Decolonising the network, reconquering thought

The piece that Sam Kronick is producing for NextThings 2014 resumes the postcolonial debate with the current media

Published: Jun 03, 2014
Decolonising the network, reconquering thought

Router modified in Sam Kronick’s project

By Semíramis González (@semiramis_glez), Semíramis en Babilonia

The post-colonial debate, that began in the 1980s with theorists such as Edward Said, Gayatri Spivak or HomiBhabha, suggested the need to rethink the hegemony of Europe over the colonies, particularly in terms of thought.

When the feminist theory started to deconstruct the dominant model according to which everything stemmed from the white, middle-class, heterosexual male, they paved the way for alternative ways of understanding reality: Post-modernism, cultural studies and the post-colonial theory were some of these by-products. If the physical map was changing, colonies where disappearing…Why not try and break the pre-established thought exported from the West all over the world? It was time to question what was being imposed as a model and also the information channels through which this hegemonic thought was disseminated.

From the 1980s the critical postcolonial theory has evolved and changed a lot. The communication media have changed, therefore our way to question what we communicate must change. The internet is one of the most widely used tools now-a-days to learn what is going on in the world. It is increasingly common to follow a demonstration on the networks. Demonstrators then sell the photographs they have taken with a cell phone to the press. Information flies, travels faster. By following a hashtag on Twitter we receive hundreds of comments by the second. The speed of the medium and the possibility for anyone to take part in the debate are key to understand this change.

However, there is an ongoing debate around the actual “freedom” that the Internet offers. Can we really participate more? Espionage cases are increasingly common, the personal information that we provide when accessing a public wi-fi connection, or a social network that has rights over the contents and images. Is there more freedom in this network spaces? Do we actually participate more?

The piece that Sam Kronick is producing at LABoral after winning the call Next Things 2014 (LABoral  and Telefónica I+D) deals exactly with this. Kronick’s Slow Internet Café consists of a series of wi-fi routers that run a firmware that intercepts and alters in a creative way the information flow that flows through them. Moreover, the shape of the routers is also modified and designed to make them look more appealing for our daily use.

Marta Lorenzo has discussed the piece and its implications in a previous post.

If access to the Internet is granted to everyone, but the means for access are in the hands of a few, it seems that this freedom is not so free. Kronick proposes to choose a whole network world different to the one we are familiar with. He states that he does not think that we should accept the Internet the way it is presented to us, as other worlds in the network are possible.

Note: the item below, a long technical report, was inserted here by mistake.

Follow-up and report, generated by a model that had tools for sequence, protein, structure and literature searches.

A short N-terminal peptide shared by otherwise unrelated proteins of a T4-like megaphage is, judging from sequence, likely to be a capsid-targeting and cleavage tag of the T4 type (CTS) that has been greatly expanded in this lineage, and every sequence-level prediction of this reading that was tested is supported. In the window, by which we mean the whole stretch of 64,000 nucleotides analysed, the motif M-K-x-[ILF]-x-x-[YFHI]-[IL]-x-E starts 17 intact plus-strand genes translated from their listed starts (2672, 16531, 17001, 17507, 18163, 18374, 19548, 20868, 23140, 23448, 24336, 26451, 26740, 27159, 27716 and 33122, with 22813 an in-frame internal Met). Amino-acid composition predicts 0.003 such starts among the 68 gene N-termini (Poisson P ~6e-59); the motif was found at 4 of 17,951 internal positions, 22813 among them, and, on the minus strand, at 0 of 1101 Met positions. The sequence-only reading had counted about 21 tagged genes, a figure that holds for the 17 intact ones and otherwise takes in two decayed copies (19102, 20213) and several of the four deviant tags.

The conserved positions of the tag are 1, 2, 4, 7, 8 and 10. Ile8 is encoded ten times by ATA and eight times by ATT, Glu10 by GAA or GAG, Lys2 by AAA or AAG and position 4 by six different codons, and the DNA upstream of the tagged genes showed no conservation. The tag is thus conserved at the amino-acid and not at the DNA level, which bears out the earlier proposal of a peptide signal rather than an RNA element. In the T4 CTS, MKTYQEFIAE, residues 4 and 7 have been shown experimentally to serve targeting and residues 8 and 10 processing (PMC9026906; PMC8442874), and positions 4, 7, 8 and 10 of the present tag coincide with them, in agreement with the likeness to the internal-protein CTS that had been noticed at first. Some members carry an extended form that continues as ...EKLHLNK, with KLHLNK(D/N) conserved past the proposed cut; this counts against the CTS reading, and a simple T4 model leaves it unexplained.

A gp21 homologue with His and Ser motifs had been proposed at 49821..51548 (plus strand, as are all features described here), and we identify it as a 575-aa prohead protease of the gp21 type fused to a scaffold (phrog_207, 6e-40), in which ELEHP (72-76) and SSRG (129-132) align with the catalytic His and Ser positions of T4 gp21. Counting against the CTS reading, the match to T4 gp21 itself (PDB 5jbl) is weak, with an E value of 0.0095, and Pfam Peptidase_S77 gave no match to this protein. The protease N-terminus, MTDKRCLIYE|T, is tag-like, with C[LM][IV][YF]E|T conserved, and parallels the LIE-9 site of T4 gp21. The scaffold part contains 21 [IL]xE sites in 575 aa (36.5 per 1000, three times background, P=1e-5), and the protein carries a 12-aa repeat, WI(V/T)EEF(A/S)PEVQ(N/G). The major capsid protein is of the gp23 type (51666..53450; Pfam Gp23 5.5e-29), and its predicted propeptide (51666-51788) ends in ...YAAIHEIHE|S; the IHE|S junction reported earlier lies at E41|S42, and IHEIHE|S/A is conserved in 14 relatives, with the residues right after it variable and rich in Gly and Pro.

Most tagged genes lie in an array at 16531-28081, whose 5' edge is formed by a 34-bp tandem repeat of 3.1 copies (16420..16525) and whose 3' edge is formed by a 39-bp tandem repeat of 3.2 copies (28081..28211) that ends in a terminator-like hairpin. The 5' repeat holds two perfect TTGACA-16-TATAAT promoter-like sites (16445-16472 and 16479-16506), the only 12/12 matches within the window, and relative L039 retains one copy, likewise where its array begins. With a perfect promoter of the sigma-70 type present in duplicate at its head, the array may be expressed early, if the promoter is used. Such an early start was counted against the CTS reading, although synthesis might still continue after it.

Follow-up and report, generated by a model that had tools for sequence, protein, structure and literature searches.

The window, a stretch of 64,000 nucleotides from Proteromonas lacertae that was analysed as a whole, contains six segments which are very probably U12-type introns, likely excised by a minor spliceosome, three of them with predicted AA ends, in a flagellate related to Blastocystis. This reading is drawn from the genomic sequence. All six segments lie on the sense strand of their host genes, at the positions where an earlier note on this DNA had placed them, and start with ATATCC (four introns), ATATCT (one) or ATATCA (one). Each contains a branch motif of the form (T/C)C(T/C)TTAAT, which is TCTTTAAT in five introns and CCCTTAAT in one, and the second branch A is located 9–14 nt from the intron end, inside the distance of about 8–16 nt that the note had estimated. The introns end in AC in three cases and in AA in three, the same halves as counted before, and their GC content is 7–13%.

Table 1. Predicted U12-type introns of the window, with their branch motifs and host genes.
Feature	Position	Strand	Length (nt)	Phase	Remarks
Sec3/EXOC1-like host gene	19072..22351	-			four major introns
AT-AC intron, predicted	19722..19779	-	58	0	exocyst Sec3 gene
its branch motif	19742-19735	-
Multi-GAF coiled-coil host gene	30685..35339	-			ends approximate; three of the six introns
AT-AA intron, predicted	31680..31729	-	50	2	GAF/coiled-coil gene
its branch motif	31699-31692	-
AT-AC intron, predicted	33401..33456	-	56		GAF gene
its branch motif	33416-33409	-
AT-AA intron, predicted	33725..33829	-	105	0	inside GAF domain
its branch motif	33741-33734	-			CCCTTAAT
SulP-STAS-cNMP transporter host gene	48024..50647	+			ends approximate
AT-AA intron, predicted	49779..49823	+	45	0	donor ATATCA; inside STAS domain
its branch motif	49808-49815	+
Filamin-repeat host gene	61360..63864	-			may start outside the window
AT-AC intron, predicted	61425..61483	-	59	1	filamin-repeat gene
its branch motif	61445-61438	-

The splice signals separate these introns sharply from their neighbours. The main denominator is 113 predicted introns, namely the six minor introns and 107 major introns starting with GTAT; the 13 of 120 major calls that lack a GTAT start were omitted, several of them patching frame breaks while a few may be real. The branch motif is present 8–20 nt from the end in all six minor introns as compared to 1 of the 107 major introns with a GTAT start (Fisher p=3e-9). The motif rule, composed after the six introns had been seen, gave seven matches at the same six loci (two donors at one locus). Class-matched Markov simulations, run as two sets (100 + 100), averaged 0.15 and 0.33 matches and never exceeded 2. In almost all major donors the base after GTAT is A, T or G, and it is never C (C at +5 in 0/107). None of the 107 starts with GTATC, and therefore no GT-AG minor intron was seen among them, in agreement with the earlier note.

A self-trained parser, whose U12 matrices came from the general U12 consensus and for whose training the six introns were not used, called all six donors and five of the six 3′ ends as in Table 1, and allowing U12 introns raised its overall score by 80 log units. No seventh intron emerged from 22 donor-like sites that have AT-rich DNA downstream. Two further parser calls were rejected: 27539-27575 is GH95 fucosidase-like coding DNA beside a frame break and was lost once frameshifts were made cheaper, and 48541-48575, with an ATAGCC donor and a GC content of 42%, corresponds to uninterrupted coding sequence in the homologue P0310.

According to Kronick there are multiple media: A feminist Internet where the computer algorithms would delete the images of white males, a non-commercial Internet that deletes any mention to prices and trade, an Internet that allows access only to sites hosted in the country where you are connected, a fake Internet where images are replaced by a similar one that is the following one in the Google list of results …

There are as many possibilities as people using the network. Kronick thinks that it might be possible to choose more accurately what we access and what we receive, according to our profile.


According to Kronick, the degree of verticality of the Internet “pilars” (Google, Apple, Facebook, and Amazon), as well as the revelations about espionage in the United States and the United Kingdom proves that the “Internet” is far from being a perfect and stable network. It is rather a fragmented collection of systems subject to continuous manipulation, negotiation and re-design. Network protocols are not used only to facilitate smooth communication, but also for self-interests that conceal certain information. This power is exercised from the infrastructure: It defines who can communicate with whom, and what travels from one place to another is controlled and carefully managed. We are objects acting under the forces of the Internet infrastructure with few opportunities to define the nature and the limitations of the network of today.

This basic idea started in the 1980s: The need to re-think what we receive as seemingly neutral and impartial. However, the speed to transform everything in our time, in the age of the networked information, implies new ways of questioning, in line with the changes in technology and communication.

Nevertheless, I cannot help but wonder about the success of such a project: Will we be actually able to control what we receive from the network? Is Kronick’s proposal a utopian dream? May be this is what it is, an illusion, but at least it allows us to imagine other possibilities, which is always the beginning of the change.

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